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Ilo to Nazca Bus Service
Number of Buses
Ilo to Nazca Bus Distance
Bus from Ilo to Nazca
The route from Ilo to Nazca makes a distance of 396 mi (637 km) and it takes about 12 hours on the highway. Excluciva is the main terrestrial transportation company that convers this itinerary, offering bus tickets from s/. 120 to s/. 140. The buses leave from the terminal placed next to the Plaza de Armas of Ilo, destination to the station of Óvalo de Nazca in the centre of the city. The climate in Nazca is hot and dry, with an average temperature of 68 °F (20 °C). The maximum temperatures is 95 °F (35 °C) and the minimum 48 °F (9 °C). If you are also looking for return checkout, please ensure to check Nazca to Ilo Bus.
Boarding Points in Ilo
The major boarding points in Ilo are mentioned below. These bus-boarding locations can be selected depending on the traveller’s convenience. Please note that these pick-up points vary from one bus operator to another. The boarding points in Ilo are as follows:
Dropping Points in Nazca
The bus stops/halts at a number of drop locations in Nazca. These dropping points usually vary from one operator to another. You can select your ideal drop point in Nazca at the time of ticket booking. Some of the dropping points in Nazca are:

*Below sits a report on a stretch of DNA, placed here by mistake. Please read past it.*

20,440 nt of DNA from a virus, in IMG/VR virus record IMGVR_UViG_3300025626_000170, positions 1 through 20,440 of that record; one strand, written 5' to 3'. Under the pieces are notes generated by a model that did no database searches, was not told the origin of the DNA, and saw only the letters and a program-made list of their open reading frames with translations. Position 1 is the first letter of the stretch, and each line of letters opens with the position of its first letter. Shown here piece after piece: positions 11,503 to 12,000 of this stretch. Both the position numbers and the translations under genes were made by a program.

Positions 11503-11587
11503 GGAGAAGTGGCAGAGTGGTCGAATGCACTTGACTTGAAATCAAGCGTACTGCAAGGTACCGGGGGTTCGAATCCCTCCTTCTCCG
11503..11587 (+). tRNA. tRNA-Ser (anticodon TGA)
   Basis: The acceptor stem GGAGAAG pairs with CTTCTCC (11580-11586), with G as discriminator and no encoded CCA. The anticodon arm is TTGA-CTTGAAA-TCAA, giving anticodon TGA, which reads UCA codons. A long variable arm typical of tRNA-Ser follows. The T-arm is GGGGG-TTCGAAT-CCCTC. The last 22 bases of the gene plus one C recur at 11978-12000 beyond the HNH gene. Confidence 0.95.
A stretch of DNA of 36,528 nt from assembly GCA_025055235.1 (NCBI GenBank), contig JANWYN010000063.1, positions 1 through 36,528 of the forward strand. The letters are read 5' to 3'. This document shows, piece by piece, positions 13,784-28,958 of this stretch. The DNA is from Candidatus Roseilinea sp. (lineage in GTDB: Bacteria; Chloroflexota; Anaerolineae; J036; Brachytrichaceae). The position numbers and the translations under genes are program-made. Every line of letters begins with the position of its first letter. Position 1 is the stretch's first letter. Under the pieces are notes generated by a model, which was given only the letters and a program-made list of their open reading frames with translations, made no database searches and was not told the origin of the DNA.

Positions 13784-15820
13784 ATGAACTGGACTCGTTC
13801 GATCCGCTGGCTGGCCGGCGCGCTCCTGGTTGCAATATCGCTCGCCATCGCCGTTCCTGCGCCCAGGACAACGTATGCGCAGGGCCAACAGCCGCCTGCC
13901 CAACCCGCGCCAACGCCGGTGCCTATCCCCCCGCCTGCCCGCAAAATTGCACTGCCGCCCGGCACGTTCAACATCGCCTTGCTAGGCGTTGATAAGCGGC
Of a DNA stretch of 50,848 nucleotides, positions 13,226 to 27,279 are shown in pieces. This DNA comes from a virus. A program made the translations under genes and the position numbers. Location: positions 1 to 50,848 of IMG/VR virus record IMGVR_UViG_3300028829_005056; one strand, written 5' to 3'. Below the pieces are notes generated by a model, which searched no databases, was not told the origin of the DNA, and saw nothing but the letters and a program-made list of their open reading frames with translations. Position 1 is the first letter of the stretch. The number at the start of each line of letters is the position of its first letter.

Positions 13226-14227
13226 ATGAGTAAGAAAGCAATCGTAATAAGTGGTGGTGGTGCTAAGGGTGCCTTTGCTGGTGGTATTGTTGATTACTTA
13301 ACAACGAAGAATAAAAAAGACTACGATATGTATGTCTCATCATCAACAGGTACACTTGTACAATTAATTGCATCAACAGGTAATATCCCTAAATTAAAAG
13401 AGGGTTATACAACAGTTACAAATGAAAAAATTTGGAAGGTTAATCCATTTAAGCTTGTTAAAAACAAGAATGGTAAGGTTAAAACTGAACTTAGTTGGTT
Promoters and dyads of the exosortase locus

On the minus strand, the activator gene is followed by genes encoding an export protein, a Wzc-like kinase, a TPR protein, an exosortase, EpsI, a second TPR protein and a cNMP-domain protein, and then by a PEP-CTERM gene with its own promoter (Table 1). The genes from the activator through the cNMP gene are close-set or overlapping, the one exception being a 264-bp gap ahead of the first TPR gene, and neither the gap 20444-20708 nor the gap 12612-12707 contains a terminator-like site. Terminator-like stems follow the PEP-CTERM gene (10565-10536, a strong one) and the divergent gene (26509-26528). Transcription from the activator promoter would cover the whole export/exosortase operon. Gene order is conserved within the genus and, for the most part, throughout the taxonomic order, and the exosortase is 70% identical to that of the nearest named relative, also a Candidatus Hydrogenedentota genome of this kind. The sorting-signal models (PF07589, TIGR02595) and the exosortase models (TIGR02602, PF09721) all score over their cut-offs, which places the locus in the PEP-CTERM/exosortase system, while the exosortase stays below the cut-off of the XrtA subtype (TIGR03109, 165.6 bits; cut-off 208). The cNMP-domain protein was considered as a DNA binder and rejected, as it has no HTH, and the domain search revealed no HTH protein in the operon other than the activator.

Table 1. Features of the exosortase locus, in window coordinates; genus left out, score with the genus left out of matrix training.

Why book Ilo to Nazca bus with redBus?
You can also avail time-to-time redBus offers while booking online bus tickets from Ilo to Nazca. Follow simple, fast and secure bus booking procedure. This helps to create a joyful road travel experience!
Ilo is a port city at the shores of the Pacific Ocean, located in the southern región of the country, in de Department of Moquegua. The city was founded by Spaniards in a territory previously occupied by pre-columbian cultures. The city gained importance as a fishing hamlet and strategic port to supply goods to the southern cities.
Ilo played an important role during the War of the Pacific, and became a staging area for the Chilean forces in their campaign through Tacna and Arica. During the XXth century due to migration from the Andean highlands, and is now a modern trading hub with attractive beaches for tourists during the summer.
At the current territory of Nazca flowered on the 1st century A.D. the Nazca culture. The researches and exploration of places and remains left by this culture indicate that this would be a direct continuation of the Paracas culture. Unlike the Paracas, who developed until perfection the textile art, the Nazca were the masters of pottery, standing out also for the hydraulic engineering present in the aqueduct construction (which is still used nowadays) and the impressive geoglyphs, which are known as the Nazca Lines. Between 700 and 900 A.D. took place the decadence of the Nazca culture, due to natural reasons. In 1901, the German archaeolologist Max Uhle discovered the potter legacy of the Nazca, which dates from 200, 500 and 700 D.C. Subsequently, in 1939, the American Paul Kosok would discover, without plnanning it, the Nazca Lines, while he was overflying the desert where they are.